It finally stopped raining. The temperature was in the mid-70s and the sky was mostly clear. Of course the nearly full Moon rose just at dark. Even with the full Moon I wanted to take advantage of the clear sky to do a little bit of EAA observing. I decided to mostly focus on objects in the constellation Hercules capturing 3 globs and a planetary nebula before moving over to M101 to check on the supernova (SN2023ixf). For this EAA session I shot 60 second exposures capturing no more than 15 minutes of data for a single object.
I uncovered the scope in the later afternoon. I shot sets of 30 second and 60 second darks to use for the night. When it got a bit darker I shot two new sets of flats; one set with a target ADU of 10240, and one set with a target ADU of 25000. Both overcorrected a dustmote but I ended up using the ADU 25000.
After dark I spent a little time focusing using the Ekos Focus Module and the Bahtinov mask. Took a bit but I was able to get the best focus I have had since putting the C8 on the mount. The mask really helped. I did not polar align, I was hoping the mount had not moved since the last session.
Plate solving is calculating the focal length at 1221.4 mm of F/6.0, still a little off but it is what it is for this session. I’ll get it space right eventually.
The EAA images in this post were capture with my ZWO ASI294MC Pro cooled to -5 C through my Celestron C8 SCT with a f/6.3 Focal Reducer. For guiding I am using the Orion Starshooter Autoguider (OSSAG) camera attached to my SVBONY SV106 60mm guide scope. All gear is mounted on a Sky Watcher EQ6-R Pro. The mount and cameras are remotely controlled with KStars/Ekos through INDI Server running on a Libre Computer SBC. The images were live stacked using SharpCap Pro. Images have been cropped or resized to the region of interest for file size, but otherwise appear just as I observed them.
NGC 6229 a globular cluster located in the constellation Hercules. This is a live stack of 15 x 60 second exposures at 121 gain, 30 offset, and bin 2×2.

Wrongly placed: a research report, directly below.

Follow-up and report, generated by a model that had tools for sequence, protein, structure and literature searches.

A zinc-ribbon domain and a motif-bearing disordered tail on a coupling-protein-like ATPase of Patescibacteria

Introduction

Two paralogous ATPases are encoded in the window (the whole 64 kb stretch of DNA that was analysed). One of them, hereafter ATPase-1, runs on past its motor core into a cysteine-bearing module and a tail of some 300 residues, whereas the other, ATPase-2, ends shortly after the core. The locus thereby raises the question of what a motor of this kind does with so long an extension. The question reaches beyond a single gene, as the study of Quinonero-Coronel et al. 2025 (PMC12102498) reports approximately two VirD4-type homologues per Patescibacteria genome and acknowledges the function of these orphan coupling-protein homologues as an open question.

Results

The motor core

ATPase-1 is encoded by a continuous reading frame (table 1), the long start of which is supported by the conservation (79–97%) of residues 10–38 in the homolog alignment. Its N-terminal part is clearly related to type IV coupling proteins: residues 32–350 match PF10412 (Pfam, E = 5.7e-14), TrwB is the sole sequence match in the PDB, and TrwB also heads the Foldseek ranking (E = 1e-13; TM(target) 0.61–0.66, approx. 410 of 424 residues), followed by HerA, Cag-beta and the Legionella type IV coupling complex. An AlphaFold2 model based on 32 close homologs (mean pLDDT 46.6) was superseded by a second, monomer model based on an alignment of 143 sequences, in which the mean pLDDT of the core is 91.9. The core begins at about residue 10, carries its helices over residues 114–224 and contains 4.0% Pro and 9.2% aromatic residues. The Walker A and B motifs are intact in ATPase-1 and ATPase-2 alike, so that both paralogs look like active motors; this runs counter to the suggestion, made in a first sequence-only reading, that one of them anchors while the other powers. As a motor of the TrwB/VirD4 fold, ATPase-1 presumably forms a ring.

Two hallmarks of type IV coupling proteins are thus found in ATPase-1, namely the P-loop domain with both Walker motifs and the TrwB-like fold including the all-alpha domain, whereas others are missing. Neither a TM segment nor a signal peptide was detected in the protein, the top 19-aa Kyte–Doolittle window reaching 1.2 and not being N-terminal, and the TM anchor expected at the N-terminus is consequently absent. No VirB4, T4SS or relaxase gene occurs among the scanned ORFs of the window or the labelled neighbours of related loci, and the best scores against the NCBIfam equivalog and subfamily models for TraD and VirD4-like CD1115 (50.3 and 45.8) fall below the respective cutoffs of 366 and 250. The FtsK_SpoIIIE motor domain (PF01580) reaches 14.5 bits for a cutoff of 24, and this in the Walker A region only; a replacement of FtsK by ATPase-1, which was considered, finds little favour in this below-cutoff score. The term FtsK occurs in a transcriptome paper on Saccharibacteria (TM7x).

It was just getting dark and the Moon was up in the East, but I was still able to observe this nice Globular Cluster. The capture was buzzed by two satellites, one early on and one in the farm before the last. Still a nice globular.
Messier 13 (M13), the Great Globular Cluster in Hercules, in the constellation of Hercules. This is a live stack of 15 x 60 second exposures at 121 gain, 30 offset, and bin 2×2.
Wow! This popped from the first frame. I have observed and captured M13 many times, but this was… well… just WOW! My favorite of the night. The faint galaxy in the upper right corner is NGC 6207. Pretty happy with the focus and the vignetting from the focal reducer does not appear to be too bad.
Messier 92 (M92) a globular cluster in the constellation of Hercules. This is a live stack of 15 x 60 second exposures at 121 gain, 30 offset, and bin 2×2.
Another nice globular cluster. A bit smaller, in FOV, and appears to be more dense at the center than M13. Very nice view.
NGC 6210 a planetary nebula in the constellation of Hercules. This is a live stack of 15 x 60 second exposures at 121 gain, 30 offset, and bin 2×2.
Bright blue planetary nebula. Not a lot of detail but I can see some structure off to the left and right of center.
For some reason the flats are overcorrecting for a dustmote. You can see it just down left of center. It was not evident in the previous captures but showed up in NGC 6210 and M101 captures.
The last stop of the night was M101 to check on SN2023ixf. Messier 101 (M101), the Pinwheel Galaxy, a face-on spiral galaxy in the constellation of Ursa Major. M101 is part of the June 2023 Cloud Nights EAA Observing Challenge. This is a live stack of 15 x 60 second exposures at 121 gain, 30 offset, and bin 2×2.
Boom! These it is. 🙂 The supernova is still very bright, it was easily visible in the first exposure. My focus is definitely much better than the first time I captured the supernova just after its discovery. The supernova is the bright “star” in the spiral arm to the lower right of center in this capture.
Even though I did not do a polar alignment, the previous alignment must have held pretty good. No issues with slews and guiding with a RMS under 1. Great night when all the gear just works 🙂
I started to see a few thin clouds on the All Sky Camera so just after 11 PM I decided to pack up and covered the scope at around 11:15 PM. Was great to get a couple hours of observing in, even with the bright Moon. Looks like we might have another shot at some clear skies on Sunday, if so I might give a few more of the Cloudy Nights June 2023 EAA Monthly Observing Challenge objects a try.